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New booklet provides update on equine grass sickness
The booklet aims to improve understanding of the incidence and risk factors associated with the disease.

Publication brings together the latest research.

A new booklet highlighting the vital role owners can play in reporting equine grass sickness (EGS) has been published by the Moredun Research Institute.

The booklet, entitled Equine Grass Sickness: A Research Update and Look to the Future, also aims to improve understanding of the incidence and risk factors associated with the disease.

It has been compiled in collaboration with the University of Edinburgh, the EGSF, University of Liverpool, British Horse Society and World Horse Welfare (WHW).

Roly Owers from WHW said “Equine grass sickness is a truly horrible disease that all too often impacts World Horse Welfare directly, with one of our Rescue and Rehoming Centres being in Aberdeenshire and another in Norfolk, both areas with a high EGS prevalence It is a disease that has been known about for decades yet there is still so much we don’t know about it.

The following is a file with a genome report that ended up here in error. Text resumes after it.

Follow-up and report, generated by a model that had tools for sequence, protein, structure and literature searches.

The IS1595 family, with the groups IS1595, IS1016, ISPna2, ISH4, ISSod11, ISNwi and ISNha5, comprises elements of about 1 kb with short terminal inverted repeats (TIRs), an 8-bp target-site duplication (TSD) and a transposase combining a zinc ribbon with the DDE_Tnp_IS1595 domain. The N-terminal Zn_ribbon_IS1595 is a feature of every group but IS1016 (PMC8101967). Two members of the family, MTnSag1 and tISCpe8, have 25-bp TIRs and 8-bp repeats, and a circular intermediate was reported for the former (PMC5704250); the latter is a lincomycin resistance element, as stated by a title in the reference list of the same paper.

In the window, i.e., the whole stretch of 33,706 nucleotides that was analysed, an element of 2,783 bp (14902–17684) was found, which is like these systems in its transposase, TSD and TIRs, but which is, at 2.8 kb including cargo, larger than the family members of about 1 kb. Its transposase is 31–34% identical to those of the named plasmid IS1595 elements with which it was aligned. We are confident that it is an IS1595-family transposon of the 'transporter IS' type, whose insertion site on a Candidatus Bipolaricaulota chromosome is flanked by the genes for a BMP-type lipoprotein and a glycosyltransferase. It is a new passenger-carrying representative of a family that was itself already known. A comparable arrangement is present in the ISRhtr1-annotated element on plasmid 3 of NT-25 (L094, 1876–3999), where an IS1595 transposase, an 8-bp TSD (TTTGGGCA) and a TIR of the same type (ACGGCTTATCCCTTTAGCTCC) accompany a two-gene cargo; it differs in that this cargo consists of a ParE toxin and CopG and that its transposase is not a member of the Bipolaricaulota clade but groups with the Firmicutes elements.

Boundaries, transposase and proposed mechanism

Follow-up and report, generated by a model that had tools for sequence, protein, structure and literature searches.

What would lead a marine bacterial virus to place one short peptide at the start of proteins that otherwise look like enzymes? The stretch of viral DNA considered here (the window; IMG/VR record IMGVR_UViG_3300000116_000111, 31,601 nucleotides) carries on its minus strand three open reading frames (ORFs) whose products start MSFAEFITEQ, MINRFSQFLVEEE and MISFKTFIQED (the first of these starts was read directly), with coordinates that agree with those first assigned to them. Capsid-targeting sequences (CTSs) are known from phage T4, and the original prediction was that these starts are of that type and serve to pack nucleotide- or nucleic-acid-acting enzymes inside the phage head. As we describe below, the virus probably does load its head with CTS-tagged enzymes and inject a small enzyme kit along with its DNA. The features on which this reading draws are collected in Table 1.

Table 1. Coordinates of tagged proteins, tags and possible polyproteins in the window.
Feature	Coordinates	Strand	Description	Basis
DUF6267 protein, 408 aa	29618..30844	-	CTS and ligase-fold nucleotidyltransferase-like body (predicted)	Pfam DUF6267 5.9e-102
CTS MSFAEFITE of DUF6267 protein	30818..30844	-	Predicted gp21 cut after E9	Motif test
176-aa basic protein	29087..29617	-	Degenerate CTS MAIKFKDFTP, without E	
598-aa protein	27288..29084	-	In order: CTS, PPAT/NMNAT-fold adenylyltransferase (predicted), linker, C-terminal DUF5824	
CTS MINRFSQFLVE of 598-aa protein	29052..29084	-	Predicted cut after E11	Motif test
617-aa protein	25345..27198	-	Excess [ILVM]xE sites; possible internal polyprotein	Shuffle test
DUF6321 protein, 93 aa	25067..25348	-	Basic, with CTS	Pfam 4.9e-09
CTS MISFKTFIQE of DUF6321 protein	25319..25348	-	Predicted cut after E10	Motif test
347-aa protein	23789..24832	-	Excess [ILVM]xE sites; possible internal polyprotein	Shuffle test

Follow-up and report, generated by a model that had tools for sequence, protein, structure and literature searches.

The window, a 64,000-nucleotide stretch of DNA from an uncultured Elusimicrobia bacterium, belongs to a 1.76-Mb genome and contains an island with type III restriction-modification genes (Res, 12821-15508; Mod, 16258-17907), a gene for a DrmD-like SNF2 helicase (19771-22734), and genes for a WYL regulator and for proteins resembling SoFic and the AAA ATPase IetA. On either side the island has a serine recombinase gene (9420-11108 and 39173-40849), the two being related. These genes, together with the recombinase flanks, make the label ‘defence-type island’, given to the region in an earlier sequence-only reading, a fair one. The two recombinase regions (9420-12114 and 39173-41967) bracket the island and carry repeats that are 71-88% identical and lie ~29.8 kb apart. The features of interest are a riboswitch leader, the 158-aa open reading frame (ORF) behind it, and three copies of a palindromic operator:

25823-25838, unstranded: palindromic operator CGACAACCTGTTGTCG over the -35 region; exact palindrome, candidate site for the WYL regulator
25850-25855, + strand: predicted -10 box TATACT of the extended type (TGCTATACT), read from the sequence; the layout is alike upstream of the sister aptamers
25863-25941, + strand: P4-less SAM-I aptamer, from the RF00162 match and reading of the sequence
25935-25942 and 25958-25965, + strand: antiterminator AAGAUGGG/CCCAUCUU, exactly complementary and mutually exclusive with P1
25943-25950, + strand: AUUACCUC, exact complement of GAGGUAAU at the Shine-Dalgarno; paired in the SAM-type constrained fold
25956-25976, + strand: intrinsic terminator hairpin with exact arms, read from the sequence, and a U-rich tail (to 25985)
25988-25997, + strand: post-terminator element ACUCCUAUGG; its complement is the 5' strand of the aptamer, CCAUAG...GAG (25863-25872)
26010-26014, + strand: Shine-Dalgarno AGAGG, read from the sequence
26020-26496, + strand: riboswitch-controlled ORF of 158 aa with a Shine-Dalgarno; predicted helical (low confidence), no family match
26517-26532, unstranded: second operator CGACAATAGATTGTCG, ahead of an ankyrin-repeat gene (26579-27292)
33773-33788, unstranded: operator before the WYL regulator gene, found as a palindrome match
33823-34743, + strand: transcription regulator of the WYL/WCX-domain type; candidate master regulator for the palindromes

“We are pleased to support this publication bringing together the latest information about this pernicious and stubbornly mysterious disease and to work with EGSF in their determination to increase our understanding of it and to find a cure for it.”

Moredun began researching into EGS in the 1920s when the disease caused the deaths of many working horses on farms. One-hundred years later, the disease continues to elude researchers, but the consensus is that it is likely to be caused by numerous factors.

There are no treatments or vaccines to prevent EGS, and around 80 per cent of horses that contract the disease do not survive. It is strongly linked to the east of the UK, with Aberdeenshire being the county suffering the most cases annually in the UK.

EGS also has a seasonal pattern and is most common in the spring, early summer and in young, adult equines.

Helene Mauchlen, from BHS Scotland, commented: “We are delighted to support this research update, which is a useful summary of exactly where we are with this complex and destructive disease, showcasing decades of work and signposting us to a better and hopefully EGS-free future”.

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